As they’re unwinding our house, I feel like we’re peering back into time a little bit. Take off the paint, reveal multiple coatings of stucco, applied over decades. Under the stucco, mostly redwood beams, because there were so many redwoods here in 1957, when the house was built (and they thought that termites might not have much taste for it). A little bit like a housing anatomy lesson, seeing everything laid bare. At this moment, they’re working on the big plate glass windows in our living room — having a tough time getting the glass out — 50 years of glue, I suppose. Anyway, led me to think about what was happening in 1957 when the house was built. A few items that I came up with:
– American Bandstand, Leave It To Beaver, Perry Mason premier
– Steve Allen was the host of “The Tonight Show”
– Dwight Eisenhower was president; the Cold War was getting colder
– Mao Tse Tung was in control in China
– 1st US attempt to launch a satellite fails: Vanguard rocket blows up
– Sputnik I & II were launched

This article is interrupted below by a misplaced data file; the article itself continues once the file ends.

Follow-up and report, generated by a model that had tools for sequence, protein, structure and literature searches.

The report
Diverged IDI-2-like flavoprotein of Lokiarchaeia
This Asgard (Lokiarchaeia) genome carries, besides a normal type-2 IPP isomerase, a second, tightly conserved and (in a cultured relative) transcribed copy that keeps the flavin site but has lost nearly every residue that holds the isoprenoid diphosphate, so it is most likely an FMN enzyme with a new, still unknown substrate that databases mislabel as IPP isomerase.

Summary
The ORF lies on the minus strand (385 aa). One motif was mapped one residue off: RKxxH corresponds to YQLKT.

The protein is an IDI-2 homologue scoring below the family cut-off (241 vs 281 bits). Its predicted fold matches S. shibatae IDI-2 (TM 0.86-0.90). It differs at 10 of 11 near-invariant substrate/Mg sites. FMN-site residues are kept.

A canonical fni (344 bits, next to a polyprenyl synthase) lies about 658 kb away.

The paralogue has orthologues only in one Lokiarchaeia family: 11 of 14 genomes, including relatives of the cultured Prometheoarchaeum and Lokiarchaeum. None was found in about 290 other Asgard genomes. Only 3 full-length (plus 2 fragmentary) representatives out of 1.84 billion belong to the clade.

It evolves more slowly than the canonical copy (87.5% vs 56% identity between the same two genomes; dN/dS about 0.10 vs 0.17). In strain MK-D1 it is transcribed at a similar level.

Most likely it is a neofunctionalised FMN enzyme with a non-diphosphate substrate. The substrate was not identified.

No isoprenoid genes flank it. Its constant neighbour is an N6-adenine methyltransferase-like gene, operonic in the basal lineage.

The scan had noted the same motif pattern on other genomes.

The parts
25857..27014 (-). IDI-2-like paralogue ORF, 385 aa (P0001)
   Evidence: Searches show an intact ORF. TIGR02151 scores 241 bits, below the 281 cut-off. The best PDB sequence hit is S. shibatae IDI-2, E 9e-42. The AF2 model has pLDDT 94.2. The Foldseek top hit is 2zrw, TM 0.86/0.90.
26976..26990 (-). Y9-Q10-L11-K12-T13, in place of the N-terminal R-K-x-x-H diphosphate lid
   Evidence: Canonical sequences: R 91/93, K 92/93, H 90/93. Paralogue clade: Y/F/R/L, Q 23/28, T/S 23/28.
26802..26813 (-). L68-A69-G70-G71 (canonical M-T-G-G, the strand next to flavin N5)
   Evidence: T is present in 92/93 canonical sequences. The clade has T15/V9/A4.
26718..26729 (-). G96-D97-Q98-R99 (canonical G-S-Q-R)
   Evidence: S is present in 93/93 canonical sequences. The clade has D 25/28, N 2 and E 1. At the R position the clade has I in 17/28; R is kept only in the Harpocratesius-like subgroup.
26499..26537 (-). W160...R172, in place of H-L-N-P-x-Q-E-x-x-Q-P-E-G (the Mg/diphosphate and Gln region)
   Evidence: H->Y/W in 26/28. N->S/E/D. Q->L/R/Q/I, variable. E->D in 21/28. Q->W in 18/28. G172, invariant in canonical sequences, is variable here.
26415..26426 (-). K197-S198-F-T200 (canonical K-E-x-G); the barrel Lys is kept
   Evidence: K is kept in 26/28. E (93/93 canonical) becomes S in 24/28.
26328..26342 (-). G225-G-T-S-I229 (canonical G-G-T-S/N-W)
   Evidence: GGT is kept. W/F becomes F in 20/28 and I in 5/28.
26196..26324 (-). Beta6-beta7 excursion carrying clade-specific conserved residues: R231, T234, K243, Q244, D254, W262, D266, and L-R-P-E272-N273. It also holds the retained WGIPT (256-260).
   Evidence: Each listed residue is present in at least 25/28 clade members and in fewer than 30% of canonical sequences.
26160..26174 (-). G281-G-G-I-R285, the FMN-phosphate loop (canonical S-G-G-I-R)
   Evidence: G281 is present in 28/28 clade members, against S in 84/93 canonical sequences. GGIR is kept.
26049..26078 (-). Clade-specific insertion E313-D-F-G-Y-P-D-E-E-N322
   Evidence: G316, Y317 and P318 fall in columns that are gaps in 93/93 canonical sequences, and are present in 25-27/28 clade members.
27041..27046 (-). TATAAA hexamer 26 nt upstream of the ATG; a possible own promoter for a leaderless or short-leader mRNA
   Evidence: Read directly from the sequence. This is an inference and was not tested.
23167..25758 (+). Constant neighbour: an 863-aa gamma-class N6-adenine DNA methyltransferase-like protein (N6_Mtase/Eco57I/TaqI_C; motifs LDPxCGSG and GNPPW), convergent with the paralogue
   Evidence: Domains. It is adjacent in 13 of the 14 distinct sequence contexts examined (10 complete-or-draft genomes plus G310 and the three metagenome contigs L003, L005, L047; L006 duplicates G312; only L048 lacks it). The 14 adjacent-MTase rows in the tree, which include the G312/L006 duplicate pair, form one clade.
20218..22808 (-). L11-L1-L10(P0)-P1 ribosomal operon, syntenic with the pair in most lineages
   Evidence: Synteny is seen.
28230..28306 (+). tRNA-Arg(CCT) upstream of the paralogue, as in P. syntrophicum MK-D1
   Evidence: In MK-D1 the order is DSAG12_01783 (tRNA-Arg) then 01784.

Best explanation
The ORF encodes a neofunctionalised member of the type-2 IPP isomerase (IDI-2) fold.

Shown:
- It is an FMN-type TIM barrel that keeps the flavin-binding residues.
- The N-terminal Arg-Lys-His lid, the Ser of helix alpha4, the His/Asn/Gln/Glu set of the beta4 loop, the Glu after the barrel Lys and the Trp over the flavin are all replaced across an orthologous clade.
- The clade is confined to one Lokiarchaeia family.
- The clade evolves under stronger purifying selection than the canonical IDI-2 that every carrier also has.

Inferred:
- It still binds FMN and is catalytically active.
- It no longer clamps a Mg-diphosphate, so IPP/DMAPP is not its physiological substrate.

– 1st electric portable typewriter placed on sale (Syracuse NY)
– 3 B-52s leave Calif for 1st non-stop round the world flights
– B-52 bombers begin full-time flying alert in case of USSR attack
– Althea Gibson became 1st black tennis player to win Wimbledon
– Congress passes Civil Rights Act of 1957
– Little Rock HS integration happens; US Army is called in
– Buddy Holly & Crickets record “That’ll Be the Day”
– Hank Aaron was the NL MVP
– Giants move to SF; Dodgers move to Brooklyn. Everyone continues to hate the Yankees
– Dr. Seuss wrote The Cat in the Hat; Ayn Rand wrote Atlas Shrugged
– The transistor was only 10 years old
– Ford introduced the Edsel; everyone was driving their ’57 Chevy anyway
– John & Kathy’s house was built
And a bunch of other stuff, including, you guessed it, turmoil in the Middle East, centered around Sinai. Here’s a piece of the Eisenhower Doctrine, announced in 1957:
The Middle East has abruptly reached a new and critical stage in its long and important history. In past decades many of the countries in that area were not fully self-governing. Other nations exercised considerable authority in the area and the security of the region was largely built around their power. But since the First World War there has been a steady evolution toward self-government and independence. This development the United States has welcomed and has encouraged. Our country supports without reservation the full sovereignty and independence of each and every nation of the Middle East.
The occasion has come for us to manifest again our national unity in support of freedom and to show our deep respect for the rights and independance of every nation – however great, however small. We seek, not violence, but peace. To this purpose we must now devote our energies, our determination, ourselves.
Everything old is new again.